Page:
Concrete Products

FEB 2018

Concrete Products covers the issues that attract producers of ready mixed and manufactured concrete focusing on equipment and material technology, market development and management topics.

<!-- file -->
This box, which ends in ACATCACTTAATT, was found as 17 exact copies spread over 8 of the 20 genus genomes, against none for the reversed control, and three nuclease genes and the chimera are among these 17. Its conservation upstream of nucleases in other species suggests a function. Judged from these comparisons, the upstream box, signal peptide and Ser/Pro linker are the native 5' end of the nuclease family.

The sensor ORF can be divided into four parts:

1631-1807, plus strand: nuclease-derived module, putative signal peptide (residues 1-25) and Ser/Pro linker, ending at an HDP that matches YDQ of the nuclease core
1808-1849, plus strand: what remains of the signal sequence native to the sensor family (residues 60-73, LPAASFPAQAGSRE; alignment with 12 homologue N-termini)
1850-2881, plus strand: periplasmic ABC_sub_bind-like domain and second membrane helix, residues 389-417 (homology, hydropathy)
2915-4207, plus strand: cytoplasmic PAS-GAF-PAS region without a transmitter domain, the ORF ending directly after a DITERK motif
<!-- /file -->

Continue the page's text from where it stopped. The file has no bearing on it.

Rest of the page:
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50 • February 2018 www.concreteproducts.com Anybody who knows Smith-Midland Corp. President Ashley Smith could easily guess where the incoming National Precast Con- crete Association chairman would focus his acceptance remarks: on people. Upon taking the helm at the group's 52nd Annual Conven- tion last October, he spoke about developing a workforce where innovation, continuous improvement and attention to detail are the building blocks for quality precast concrete production. LIFELONG PURSUIT Smith brings a certified track record to his role as NPCA chairman when it comes to expe- rience in the industry. He started working full-time 40 years ago for Smith-Midland, the family business headquartered in Midland, Va. Before that, he worked part-time during the summers and weekends as a youth paint- ing, cleaning the plant and doing anything else his father, company CEO and Chairman Rodney Smith, had on his list of chores. Ashley Smith worked his way up, toiling through various production jobs. He advanced to hauling sand & gravel and delivering prod- ucts, and eventually joined the management team. This culminated with his promotion to president and chief operating officer in 2009. In that capacity, he works alongside broth- ers Jeremy, Matthew and Roderick Smith as they lead the company into the future. He is the third in his family to take the reins of the business started by his grandfather, David Smith, in 1960. He's also following his father in association leadership: Rodney Smith served as NPCA president in 1980. CONTINUOUS IMPROVEMENT As a lifelong precaster, Ashley Smith has spent his career experimenting and learning, with the goal of continually improving his family's business. Throughout this pursuit, he estimates he has visited more than 400 precast plants, not just in the U.S., but in countries such as Saudi Arabia and Japan. It was in Japan that he had an experi- ence that changed the way he looks at his own business and the precast industry. There, Smith became enamored with lean manufac- turing as embodied by the Toyota Production System, which emphasizes building people before building cars and craftsmanship with exquisite attention to detail. "If you ever visit Japan, you'll see it," he says. "Every little detail is important. At Toyota, contin- uous improvement and attention to detail are driven by the employees on the plant floor, and it shows in the end product. I want our plant to be like that, and I want the precast concrete industry to be like that too, because it is vital to our future success." Implementing the principles of lean manufacturing is anything but easy, and Smith-Midland has worked on it for years, through ups and downs, forging a path to more efficient manufacturing. Smith notes that lean manufacturing adoption is not a quick fix or an easy win for the team, but "if you're seeking meaningful change and are in it for the long haul, it may be the right fit." "Lean, like most things in business, is all about people and everyone needs to be invested," he notes. "We now have people on the floor who take ownership of our pro- cesses and results, and who are empowered to make adjustments. That's huge because it frees managers up to work on other things." PIGGYBACKING ON NPCA Precasting is a tough, competitive busi- ness that requires ever-increasing levels of quality control and craftsmanship. The pace of the daily grind can make it difficult to devote time and resources to develop- ing employees, but it is crucial to success, Smith believes. "The challenge for the precaster is, how do I find the time? I'm making precast. I've got customers calling. I'm taking orders. We have problems we have to deal with. How do I find time to get these folks trained?" he says. "That's where I kind of piggyback on what NPCA has. There's Leadership NPCA, Production and Quality School and the Master Precaster program, and all the education available online. We use the NPCA webinar series for lunch and learns. There's a whole history of webinars on the website so you can go back and view old ones. It's a huge resource. If you're a small precaster, or even a mid-size or larger company, it would be hard to offer all that by yourself." In addition, Smith regularly takes a group of his top performers to The Precast Show for in-person training, plant tours and time on the trade show floor. "There's nothing better than The Precast Show to get them excited and motivated," he says. "They're learning that the company is investing in them. It pays off. People are going to be more loyal if they know you are invested in their future and want to make them successful." Smith has heard the argument that if you spend time and money training your employ- ees, they'll be more marketable and seek better jobs outside the company. He doesn't buy it. "Would you rather train somebody and take the chance that they'll leave, or never train them and have them stay? It's a risk we're willing to take." Personal connections made through NPCA are also one of the keys to continued suc - cess, he believes. "Networking is one of the main things. Whether you're a president or an owner of a company, if you're in safety or HR, or if you're on the shop floor, there's always somebody you can meet and learn from—whether it's at classes or at the trade show talking with another precaster between events," he explains. Continued on page 52 CHAIRMAN'S REPORT BY NPCA STAFF A Passion for People and Precast 2017-18 National Precast Concrete Association Board of Directors Chairman Ashley Smith is focused on employee development as the key to unleashing the unlimited potential of the precast industry Ashley Smith